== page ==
Why Some People Don't Respond to Botox

The most common reason Botox doesn't work is that it wasn't given in the right amount. Botox isn't a one-size-fits-all treatment and the same dose doesn't work for everyone. Some people may need additional Botox to achieve an effective level of muscle weakness. Botox can also be old, too diluted, or fake.

It's possible for some patients to develop a resistance to Botox, although this is rare. According to those who do recognize the phenomenon of resistance to Botox, the numbers are low: between 1 and 3% of patients who are injected will develop toxin-blocking antibodies. Can someone stop responding to Botox? The short answer is yes, but it's highly unlikely. Botox (and Dysport) are composed of proteins and our bodies are capable of detecting different types of foreign proteins and creating antibodies against them.

For example, gluten protein from wheat and egg albumin protein from eggs). Once recognized, these antibodies will circulate and neutralize Botox once injected, causing a loss of effectiveness. When the Botox bottle is opened and mixed, it must be used within a specified period of time, otherwise its effects may diminish. This is the approach used by many medical spas that have the cheapest price for Botox to attract customers.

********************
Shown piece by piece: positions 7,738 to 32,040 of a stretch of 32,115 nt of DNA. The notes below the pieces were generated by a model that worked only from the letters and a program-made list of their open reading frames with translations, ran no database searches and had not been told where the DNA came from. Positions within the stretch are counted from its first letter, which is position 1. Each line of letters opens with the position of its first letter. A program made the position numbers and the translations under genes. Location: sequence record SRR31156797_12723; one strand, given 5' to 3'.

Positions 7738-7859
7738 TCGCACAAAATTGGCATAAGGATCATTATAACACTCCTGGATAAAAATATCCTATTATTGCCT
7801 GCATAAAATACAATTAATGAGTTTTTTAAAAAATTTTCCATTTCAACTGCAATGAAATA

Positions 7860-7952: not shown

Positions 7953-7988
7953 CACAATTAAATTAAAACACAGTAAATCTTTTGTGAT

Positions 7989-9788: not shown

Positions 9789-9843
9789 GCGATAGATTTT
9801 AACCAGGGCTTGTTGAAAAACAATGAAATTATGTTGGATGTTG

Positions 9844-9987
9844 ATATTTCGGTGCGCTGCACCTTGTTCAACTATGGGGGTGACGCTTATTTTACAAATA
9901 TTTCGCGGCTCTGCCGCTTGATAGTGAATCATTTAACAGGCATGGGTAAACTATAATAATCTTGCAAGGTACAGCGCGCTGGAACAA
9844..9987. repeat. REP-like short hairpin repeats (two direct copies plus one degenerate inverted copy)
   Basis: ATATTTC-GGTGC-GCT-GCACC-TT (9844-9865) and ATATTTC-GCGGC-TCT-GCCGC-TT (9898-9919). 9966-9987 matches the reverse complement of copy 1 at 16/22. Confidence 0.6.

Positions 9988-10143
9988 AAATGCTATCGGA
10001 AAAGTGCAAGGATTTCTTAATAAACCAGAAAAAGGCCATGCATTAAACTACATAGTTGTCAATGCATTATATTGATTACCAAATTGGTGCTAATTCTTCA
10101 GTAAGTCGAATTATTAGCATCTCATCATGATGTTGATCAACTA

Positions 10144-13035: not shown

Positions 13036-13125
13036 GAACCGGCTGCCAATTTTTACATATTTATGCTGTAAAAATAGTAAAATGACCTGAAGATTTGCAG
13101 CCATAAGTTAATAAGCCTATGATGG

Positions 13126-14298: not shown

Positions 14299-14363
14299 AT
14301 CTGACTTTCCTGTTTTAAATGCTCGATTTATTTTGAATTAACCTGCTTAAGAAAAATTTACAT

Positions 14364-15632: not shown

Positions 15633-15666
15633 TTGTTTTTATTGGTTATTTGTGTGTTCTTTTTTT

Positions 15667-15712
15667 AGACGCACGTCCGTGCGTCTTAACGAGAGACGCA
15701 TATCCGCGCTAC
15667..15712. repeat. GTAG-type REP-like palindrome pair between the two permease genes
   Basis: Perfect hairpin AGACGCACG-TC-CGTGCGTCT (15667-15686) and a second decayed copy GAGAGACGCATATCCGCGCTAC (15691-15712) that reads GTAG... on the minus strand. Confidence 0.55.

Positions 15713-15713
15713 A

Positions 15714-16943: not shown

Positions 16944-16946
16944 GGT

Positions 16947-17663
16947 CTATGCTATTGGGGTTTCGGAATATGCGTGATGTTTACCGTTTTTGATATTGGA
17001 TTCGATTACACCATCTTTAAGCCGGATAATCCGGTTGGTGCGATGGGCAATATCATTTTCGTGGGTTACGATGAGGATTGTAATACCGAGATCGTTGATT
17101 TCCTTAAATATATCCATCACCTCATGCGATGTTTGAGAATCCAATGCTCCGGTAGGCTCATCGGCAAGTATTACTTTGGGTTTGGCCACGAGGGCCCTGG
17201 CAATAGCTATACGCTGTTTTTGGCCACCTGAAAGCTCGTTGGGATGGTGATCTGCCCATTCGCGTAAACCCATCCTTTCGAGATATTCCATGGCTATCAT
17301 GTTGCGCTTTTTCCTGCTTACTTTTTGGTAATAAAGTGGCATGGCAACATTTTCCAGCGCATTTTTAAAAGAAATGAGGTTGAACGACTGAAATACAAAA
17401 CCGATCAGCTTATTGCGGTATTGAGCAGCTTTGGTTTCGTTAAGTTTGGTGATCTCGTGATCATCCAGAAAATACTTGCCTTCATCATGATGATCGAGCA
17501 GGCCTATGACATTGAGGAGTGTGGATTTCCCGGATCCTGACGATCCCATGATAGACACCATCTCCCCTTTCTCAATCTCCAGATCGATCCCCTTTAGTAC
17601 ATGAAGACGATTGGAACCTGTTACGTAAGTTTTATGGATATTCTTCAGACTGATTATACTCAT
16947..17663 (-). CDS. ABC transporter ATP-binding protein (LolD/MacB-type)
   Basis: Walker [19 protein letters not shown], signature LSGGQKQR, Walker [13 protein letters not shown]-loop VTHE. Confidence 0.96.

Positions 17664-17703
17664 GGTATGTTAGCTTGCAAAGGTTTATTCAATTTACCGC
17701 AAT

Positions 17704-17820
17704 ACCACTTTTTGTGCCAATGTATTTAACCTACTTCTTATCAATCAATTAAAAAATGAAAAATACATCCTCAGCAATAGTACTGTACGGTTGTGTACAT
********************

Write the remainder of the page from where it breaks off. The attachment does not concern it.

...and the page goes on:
Naturally, trimming the corners will give you a suboptimal result. If you're still not getting results, you may be one of those rare people who are “immune to Botox.” We see a lot of people who come to us from other places and tell us that “Botox doesn't work for me” or “I'm immune to Botox” and wonder what else they can do to treat wrinkles in the lines between the eyebrows, forehead and crow's feet. A more common occurrence is that some people develop tolerance to Botox after repeated use and tend to need to increase doses over time. Sometimes, people who didn't get an optimal result with Botox seem to respond better to Dysport or Xeomin.

Allergan points out that this occurs more often in people who receive frequent Botox injections or when used in higher doses, such as when treating cervical dystonia (although this is still less of a problem).

Aidan Tobacco
Aidan Tobacco

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